The denial-of-service toolkit used against financial institutions late last year has also been used against hosting and energy companies, DDoS protection firm Prolexic said in an advisory Thursday.
The “itsoknoproblembro” toolkit was behind the distributed denial-of-service attacks that dogged several banks in the United States last fall. The attacks against the banks were massive, with some peaking at 70 Gbps and more than 30 million pps. The toolkit has a two-tier command mode that can launch multiple high-bandwidth attack types simultaneously and has been used in coordinated campaigns against the energy, hosting provider, and banking industries, Scott Hammack, CEO of Prolexic, said in a statement.
Prolexic did not identify the specific companies that have been targeted.
“This toolkit, which was dangerous to begin with, has been evolving rapidly over the past year," Hammack said.
The itsoknoproblemro toolkit poses a very effective, multi-level threat, Prolexic said. The toolkit targets known vulnerabilities in Web content management systems, including Joomla and WordPress, to infect Web servers with malicious PHP scripts, Prolexic said. It also relies on various attack vectors, including POST, GET, TCP, and UDP floods. A Kamikaze GET flood script repeatedly re-launches automated attacks.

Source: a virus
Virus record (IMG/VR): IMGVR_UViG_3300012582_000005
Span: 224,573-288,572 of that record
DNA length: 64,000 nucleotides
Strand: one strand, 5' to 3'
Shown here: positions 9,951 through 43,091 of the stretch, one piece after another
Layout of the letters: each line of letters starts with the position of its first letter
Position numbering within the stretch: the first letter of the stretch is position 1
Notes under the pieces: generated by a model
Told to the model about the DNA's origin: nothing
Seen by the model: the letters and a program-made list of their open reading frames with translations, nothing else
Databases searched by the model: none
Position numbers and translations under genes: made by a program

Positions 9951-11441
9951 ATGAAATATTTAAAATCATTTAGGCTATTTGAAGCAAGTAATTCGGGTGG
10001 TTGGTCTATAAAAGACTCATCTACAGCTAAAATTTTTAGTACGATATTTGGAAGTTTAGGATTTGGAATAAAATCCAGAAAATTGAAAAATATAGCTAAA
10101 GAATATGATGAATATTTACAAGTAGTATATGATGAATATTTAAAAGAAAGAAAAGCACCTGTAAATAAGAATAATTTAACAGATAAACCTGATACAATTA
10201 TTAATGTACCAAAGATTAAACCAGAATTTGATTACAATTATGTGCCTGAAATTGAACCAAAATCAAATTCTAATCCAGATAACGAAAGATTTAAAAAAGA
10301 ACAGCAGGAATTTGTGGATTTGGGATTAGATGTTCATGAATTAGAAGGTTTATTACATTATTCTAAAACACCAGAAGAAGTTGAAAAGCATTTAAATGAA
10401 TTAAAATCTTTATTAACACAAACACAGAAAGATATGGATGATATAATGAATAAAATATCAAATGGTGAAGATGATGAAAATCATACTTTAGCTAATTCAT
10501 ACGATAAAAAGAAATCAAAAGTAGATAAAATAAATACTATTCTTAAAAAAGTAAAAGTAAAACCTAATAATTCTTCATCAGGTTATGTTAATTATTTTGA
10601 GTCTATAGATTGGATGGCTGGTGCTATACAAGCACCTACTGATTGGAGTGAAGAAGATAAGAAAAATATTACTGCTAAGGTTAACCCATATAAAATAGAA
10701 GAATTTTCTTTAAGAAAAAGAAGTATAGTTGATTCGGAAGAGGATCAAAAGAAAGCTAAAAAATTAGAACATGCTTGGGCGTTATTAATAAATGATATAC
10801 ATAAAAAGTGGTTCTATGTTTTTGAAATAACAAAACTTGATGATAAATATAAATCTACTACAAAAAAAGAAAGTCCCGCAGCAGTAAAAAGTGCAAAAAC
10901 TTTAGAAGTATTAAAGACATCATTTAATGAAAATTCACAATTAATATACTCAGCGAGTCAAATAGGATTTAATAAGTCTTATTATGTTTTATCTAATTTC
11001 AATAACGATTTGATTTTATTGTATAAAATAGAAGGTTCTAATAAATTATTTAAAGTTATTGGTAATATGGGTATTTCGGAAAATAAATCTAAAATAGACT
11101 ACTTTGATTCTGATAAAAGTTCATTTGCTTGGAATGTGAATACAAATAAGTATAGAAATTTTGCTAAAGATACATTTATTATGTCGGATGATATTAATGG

Based on chatter in the hacker underground, Prolexic expects itsoknoproblembro DDoS campaigns to "grow in frequency." The company did not say whether it expected attackers to expand to other industries or stick with the current three.
Past attacks relied on compromised servers in data centers. The itsoknoproblembro toolkit itself does not compromise the servers, as they are infected using other methods. Once the machines are under the attacker's control, then the itsoknoproblembro kit launches simultaneous attacks.
The threat advisory included 11 different attack signatures and detailed SNORT rules organizations can use to mitigate potential DDoS attacks. Along with the threat advisory, Prolexic also released a suite of detection and mitigation rules and a log analysis tool.
The detection rules identify infected Web servers (bRobots) within the organization that has been commandeered into taking part in the DDoS attacks. The log analysis tool (BroLog) pinpoints which scripts were access, by what IP address, for what target. Organizations can use the information to sanitize infected servers and prevent them from being used in the attacks.
“We want to support the security community by sharing our knowledge, so we can help eradicate this threat and remove these malicious scripts from infected machines before they do even more damage,” Hammack said.